Sleepwalking is also known as somnambulism or noctambulism.
Word somnambulism is from the Latin somnus (sleep) and ambulus (walking). It involves involuntary motor acts-particularly walking-during sleep.
· Studies indicates that sleepwalking is a ordinary phenomenon. It may be more prevalent among people who experience a lot of stress.
· Most of the time, sleepwalking happens in pubescence, that is age ten to fourteen years.
· It has been also noticed that there is a genetic factor shown in some families with a history of sleepwalk by family members.
· A very unique correlation between somnambulistic and hypnotic states has been observed for a long period of time, going back to 19 century when sleepwalking was considered as a possession of an evil force.
· A distinctive sleepwalking incident is usually short, rarely lasting more than 30 minutes. Strangely enough, sleepwalkers, as a rule, somehow successfully avoid hitting different objects while they walk. Also, sleepwalkers manage to return back to their bed without any accidents. Occasionally, they finish their somnabulistic accidents by lying on anything that looks similar to their own bed, such as a couch or a chesterfield.
When it happens?
Contrary to everyone’s expectation, sleepwalking happens only during Stage 4, the deepest levels of sleep, rather than during the other stages.
· What happens after is that people are awakening in the middle of their sleepwalking activity and experience confusion and quite surprise to what they see around.
· Being unable to reconstruct their dreams is considered to be a result of their confusion upon awakening.
· This phenomenon is also prevalent in majority of people when they cannot recall their dreams upon awakening.
· People of any age may be affected by sleepwalking.
· Sleepwalking happens when a person moves during slow wave of sleep (SWS)
· Research shows that up to 80% of children and young adults, as well as 50% infants, spent the night in SWS. As the person gets older, this percentage decreases.
· According to a study published in 1997 in Finland, sleepwalking in children is more frequently than in adults. 6.9% of girls and 5.7% of boys reported incidents of sleepwalking in comparison to 3.1% for women and 3.9% men.
Watch Video: How to Diagnose Sleep Disorders. Sleep Walking
There are a lot of misguided perceptions about what sleep walkers look like and how to help them. Learn more about sleep walking and how to help someone who sleep walks from our medical expert in this free video.
Sleepwalking induced by drugs
· The sleep medication Zolpidem (Ambien) has been linked with an elevated possibility to sleep walk, including the most dangerous situations, such as driving.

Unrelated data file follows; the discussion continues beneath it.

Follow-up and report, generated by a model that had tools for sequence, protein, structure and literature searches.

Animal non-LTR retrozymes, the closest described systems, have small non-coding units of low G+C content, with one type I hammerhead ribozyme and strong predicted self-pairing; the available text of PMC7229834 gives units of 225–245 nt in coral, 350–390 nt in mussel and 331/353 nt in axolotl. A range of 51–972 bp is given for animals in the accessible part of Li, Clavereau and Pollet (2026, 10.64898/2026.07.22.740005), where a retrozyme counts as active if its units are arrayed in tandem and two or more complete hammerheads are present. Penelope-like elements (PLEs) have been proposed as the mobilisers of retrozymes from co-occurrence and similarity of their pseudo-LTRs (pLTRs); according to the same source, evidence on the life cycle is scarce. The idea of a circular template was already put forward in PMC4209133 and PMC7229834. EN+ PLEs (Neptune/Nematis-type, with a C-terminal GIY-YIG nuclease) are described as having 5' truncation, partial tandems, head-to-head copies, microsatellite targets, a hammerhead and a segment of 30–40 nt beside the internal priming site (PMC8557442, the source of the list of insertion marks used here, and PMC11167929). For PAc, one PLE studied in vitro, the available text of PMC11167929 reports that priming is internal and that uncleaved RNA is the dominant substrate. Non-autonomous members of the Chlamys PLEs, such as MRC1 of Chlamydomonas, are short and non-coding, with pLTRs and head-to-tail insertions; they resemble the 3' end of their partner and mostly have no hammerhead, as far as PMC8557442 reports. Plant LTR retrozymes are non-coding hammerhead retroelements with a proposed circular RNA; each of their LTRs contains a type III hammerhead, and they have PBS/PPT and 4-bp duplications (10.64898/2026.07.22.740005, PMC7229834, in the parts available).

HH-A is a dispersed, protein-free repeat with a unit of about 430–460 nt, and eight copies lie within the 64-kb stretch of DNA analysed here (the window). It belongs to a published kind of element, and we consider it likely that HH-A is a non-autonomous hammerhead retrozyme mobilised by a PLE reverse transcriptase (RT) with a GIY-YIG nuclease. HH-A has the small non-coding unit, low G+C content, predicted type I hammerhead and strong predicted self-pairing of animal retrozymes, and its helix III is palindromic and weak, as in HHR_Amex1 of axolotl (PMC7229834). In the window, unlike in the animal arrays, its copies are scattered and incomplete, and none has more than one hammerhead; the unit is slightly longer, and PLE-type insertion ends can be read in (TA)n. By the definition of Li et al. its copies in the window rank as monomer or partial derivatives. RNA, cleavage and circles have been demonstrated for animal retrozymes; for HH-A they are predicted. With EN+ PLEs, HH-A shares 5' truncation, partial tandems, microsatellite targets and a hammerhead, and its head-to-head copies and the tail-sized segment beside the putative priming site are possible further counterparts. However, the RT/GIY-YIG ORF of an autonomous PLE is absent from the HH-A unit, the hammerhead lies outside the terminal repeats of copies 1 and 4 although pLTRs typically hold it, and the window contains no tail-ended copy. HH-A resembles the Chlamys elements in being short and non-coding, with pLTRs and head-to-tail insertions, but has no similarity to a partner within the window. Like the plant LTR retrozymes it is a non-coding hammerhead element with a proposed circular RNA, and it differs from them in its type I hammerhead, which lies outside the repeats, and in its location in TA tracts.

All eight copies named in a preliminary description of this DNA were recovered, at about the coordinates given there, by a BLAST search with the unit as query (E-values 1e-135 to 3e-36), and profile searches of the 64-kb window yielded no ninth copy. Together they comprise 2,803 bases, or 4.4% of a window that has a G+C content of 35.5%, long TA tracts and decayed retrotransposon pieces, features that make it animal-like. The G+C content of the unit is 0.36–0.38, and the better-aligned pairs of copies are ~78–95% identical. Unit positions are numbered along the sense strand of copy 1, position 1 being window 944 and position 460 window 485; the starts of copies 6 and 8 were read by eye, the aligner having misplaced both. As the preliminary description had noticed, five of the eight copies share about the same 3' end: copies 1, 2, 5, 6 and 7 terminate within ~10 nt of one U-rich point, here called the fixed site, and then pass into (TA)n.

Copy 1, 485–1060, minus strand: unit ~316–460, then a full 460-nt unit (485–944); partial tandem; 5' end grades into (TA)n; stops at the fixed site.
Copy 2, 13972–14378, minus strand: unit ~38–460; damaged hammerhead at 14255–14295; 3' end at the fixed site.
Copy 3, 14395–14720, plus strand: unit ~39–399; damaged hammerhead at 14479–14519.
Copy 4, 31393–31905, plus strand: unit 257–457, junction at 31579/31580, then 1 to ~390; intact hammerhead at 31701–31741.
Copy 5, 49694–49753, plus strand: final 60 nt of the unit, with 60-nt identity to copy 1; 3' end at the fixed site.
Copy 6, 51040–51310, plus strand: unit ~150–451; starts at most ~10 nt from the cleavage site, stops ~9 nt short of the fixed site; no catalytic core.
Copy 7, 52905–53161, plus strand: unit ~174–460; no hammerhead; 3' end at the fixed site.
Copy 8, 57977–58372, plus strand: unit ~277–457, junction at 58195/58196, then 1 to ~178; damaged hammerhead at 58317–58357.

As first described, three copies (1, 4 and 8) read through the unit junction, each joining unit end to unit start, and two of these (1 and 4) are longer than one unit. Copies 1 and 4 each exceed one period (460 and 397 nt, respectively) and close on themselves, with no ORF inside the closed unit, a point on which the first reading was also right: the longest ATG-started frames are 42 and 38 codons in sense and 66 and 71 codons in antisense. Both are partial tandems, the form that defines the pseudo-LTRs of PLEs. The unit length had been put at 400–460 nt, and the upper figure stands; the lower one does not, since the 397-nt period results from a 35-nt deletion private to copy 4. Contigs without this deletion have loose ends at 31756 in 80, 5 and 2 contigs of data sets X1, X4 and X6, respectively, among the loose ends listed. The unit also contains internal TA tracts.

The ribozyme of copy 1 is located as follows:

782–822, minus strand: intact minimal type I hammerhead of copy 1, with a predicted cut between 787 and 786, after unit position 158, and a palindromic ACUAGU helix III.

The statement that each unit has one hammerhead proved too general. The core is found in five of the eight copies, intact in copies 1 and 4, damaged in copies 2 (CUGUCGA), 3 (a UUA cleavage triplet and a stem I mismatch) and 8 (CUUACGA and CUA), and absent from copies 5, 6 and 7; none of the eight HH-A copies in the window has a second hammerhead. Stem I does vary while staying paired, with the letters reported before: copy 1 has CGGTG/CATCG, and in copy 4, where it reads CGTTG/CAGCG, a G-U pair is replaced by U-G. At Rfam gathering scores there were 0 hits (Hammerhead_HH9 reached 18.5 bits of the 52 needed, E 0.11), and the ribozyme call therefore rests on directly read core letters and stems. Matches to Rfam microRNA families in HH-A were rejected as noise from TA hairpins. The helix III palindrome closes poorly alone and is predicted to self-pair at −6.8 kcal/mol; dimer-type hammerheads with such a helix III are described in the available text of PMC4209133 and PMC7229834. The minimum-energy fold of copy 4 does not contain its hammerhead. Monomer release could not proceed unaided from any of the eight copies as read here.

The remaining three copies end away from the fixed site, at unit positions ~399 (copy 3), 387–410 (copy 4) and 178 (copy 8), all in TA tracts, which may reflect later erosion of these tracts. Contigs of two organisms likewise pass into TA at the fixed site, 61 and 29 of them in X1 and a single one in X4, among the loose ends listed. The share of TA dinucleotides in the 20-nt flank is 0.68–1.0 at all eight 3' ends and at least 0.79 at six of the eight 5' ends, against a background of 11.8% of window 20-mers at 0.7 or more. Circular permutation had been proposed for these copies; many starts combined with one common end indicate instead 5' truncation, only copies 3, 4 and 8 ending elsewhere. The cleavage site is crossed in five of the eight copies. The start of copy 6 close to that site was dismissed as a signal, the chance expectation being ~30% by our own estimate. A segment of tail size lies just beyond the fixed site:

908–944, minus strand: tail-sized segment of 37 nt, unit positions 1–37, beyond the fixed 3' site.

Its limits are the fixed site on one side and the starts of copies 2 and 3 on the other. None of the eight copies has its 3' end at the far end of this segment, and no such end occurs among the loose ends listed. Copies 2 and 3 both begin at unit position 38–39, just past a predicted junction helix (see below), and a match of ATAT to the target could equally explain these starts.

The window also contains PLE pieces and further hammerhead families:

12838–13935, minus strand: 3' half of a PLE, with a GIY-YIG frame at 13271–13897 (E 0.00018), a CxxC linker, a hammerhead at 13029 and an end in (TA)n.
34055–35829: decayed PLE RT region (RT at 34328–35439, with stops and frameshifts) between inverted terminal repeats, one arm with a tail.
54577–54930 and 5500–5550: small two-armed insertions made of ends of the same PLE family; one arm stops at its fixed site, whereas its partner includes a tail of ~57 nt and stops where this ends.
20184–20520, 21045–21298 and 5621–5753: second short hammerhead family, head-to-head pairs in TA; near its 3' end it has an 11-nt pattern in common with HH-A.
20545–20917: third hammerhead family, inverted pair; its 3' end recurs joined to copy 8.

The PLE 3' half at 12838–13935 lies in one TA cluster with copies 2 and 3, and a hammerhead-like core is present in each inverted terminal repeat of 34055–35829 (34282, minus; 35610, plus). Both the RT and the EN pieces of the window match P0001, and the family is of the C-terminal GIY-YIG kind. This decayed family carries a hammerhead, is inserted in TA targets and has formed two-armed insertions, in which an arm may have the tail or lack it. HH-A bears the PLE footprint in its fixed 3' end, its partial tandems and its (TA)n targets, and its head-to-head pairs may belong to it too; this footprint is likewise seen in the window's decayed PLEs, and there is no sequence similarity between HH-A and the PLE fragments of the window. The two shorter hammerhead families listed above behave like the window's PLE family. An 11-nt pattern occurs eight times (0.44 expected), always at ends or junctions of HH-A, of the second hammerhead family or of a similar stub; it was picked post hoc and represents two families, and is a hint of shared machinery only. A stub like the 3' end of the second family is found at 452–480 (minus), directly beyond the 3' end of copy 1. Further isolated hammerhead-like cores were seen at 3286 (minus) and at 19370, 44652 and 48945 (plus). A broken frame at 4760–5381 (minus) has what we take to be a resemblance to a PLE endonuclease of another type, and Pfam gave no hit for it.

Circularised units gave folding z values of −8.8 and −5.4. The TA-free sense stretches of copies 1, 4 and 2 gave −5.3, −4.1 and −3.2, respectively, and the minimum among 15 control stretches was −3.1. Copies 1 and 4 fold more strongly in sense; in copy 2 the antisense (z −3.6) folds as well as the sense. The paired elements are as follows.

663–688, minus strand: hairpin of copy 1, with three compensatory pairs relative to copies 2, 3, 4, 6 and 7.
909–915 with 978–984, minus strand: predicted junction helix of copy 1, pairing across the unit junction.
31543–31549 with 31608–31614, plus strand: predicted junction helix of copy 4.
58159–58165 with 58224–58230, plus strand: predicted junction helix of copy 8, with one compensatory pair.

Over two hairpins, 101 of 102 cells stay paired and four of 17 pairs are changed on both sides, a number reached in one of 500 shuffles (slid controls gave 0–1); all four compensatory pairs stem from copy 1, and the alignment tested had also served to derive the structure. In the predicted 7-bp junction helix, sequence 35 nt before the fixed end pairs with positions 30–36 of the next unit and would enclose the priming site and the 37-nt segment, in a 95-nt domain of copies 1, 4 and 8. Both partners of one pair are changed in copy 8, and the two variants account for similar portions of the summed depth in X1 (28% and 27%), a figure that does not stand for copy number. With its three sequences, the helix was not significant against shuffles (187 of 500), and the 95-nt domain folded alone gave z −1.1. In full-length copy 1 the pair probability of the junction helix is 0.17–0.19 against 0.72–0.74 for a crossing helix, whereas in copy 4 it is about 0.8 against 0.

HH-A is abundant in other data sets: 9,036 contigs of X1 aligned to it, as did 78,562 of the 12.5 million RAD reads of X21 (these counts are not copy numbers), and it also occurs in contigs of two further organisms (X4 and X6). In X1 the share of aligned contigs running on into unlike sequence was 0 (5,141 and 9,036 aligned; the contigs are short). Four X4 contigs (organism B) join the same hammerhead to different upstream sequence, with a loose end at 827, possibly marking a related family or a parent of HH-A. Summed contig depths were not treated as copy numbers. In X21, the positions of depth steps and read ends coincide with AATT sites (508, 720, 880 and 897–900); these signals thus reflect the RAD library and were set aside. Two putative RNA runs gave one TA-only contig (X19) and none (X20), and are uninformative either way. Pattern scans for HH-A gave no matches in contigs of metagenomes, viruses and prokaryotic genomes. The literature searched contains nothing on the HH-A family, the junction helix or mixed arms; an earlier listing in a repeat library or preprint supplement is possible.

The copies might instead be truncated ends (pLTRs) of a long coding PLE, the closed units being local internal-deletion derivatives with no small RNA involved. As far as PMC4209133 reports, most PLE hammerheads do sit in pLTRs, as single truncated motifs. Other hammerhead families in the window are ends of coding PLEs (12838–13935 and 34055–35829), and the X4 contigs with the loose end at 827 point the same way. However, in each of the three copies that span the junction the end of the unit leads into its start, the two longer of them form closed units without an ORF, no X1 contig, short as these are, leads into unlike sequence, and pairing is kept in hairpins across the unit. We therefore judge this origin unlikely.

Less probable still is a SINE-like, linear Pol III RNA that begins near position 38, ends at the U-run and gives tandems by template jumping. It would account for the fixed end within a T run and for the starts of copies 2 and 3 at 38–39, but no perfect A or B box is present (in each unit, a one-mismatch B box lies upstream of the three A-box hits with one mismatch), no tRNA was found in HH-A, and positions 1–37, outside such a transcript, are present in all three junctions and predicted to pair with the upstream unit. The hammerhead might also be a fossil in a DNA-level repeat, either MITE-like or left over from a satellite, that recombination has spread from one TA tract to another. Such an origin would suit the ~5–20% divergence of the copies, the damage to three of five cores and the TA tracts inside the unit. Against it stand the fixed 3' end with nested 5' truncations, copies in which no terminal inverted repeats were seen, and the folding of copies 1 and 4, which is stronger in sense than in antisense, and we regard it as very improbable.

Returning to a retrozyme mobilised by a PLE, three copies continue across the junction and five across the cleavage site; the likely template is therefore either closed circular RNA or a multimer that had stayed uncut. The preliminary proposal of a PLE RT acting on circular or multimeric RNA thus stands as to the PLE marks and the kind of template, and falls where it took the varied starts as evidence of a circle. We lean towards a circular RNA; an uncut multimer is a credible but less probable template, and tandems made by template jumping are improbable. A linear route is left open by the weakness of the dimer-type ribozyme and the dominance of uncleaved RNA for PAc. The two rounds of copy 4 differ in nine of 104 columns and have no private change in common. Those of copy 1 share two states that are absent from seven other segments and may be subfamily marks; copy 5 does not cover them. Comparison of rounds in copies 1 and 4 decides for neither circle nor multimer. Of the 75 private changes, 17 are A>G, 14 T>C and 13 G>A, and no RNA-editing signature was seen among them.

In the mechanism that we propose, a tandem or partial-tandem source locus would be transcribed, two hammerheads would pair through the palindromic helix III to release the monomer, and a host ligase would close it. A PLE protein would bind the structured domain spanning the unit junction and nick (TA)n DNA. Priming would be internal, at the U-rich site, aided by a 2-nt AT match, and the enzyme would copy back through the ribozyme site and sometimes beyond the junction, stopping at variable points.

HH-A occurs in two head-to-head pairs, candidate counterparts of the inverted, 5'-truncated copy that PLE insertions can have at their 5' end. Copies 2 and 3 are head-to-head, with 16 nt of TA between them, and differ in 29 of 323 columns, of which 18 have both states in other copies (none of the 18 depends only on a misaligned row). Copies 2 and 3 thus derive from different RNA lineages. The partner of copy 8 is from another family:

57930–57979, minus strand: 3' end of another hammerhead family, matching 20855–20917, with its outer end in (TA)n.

· Many human activities have been reported and/or claimed to have happened during sleepwalking, such as bathing, urinating, talking, dressing, eating, painting, whistling, singing, driving cars, dancing, engaging in sexual intercourse, or even committing murder.
· Opposite to a common believes, most cases of sleepwalking do not result in actual walking. Most of the time, as it has been confirmed in sleep clinics, sleepwalking started when people are fully awakened by something that disturbed their SWS.
· The person may sit up, even get up, look around and then immediately go back to sleep.
· Occasionally, people are awaken when they experience nightmare, then they wake up to simply stop that vision, and going back to sleep without even remembering anything. It is common to see sleepwalkers with their eyes wide open so they can navigate their environment, and not with their eyes closed and their arms extended, like zombies in many movies and cartoons.
· When you try to question someone who is sleepwalking, you may notice that the person’s eyes looking “empty” with no life any intelligence in their faces. They also answer your questions very slowly and usually unable to respond in an intelligible manner.
Hazards and safety
It is really advisable to lead sleepwalkers away from any dangerous situation and back to bed, especially when could do some harm to themselves or to others by going up or down the stairs or when holding any dangerous tool or located close to a potentially harmful objects such as a stove, fireplace, balcony, or a stepladder.
It has been also reported that sleepwalking victims were injured or even have died or as a result being in that sleep stage.
Note: sleepwalking should not be confused with psychosis.
Homicidal somnambulism has been a defense technique against charges of murder, sometimes successfully.
· There is another rare instance when a person may enter into the condition similar to sleepwalking being actually full awake and alert.
· An attack automatism usually begins without any warning.
· This condition is hard to detect, other than the claim by a person who has no memory of the event, as well as often been disoriented.
· The person may produce simple gestures or small movements, occasionally complex behaviors, such as driving, cooking, or performing any other activity as if fully alert. After the ends,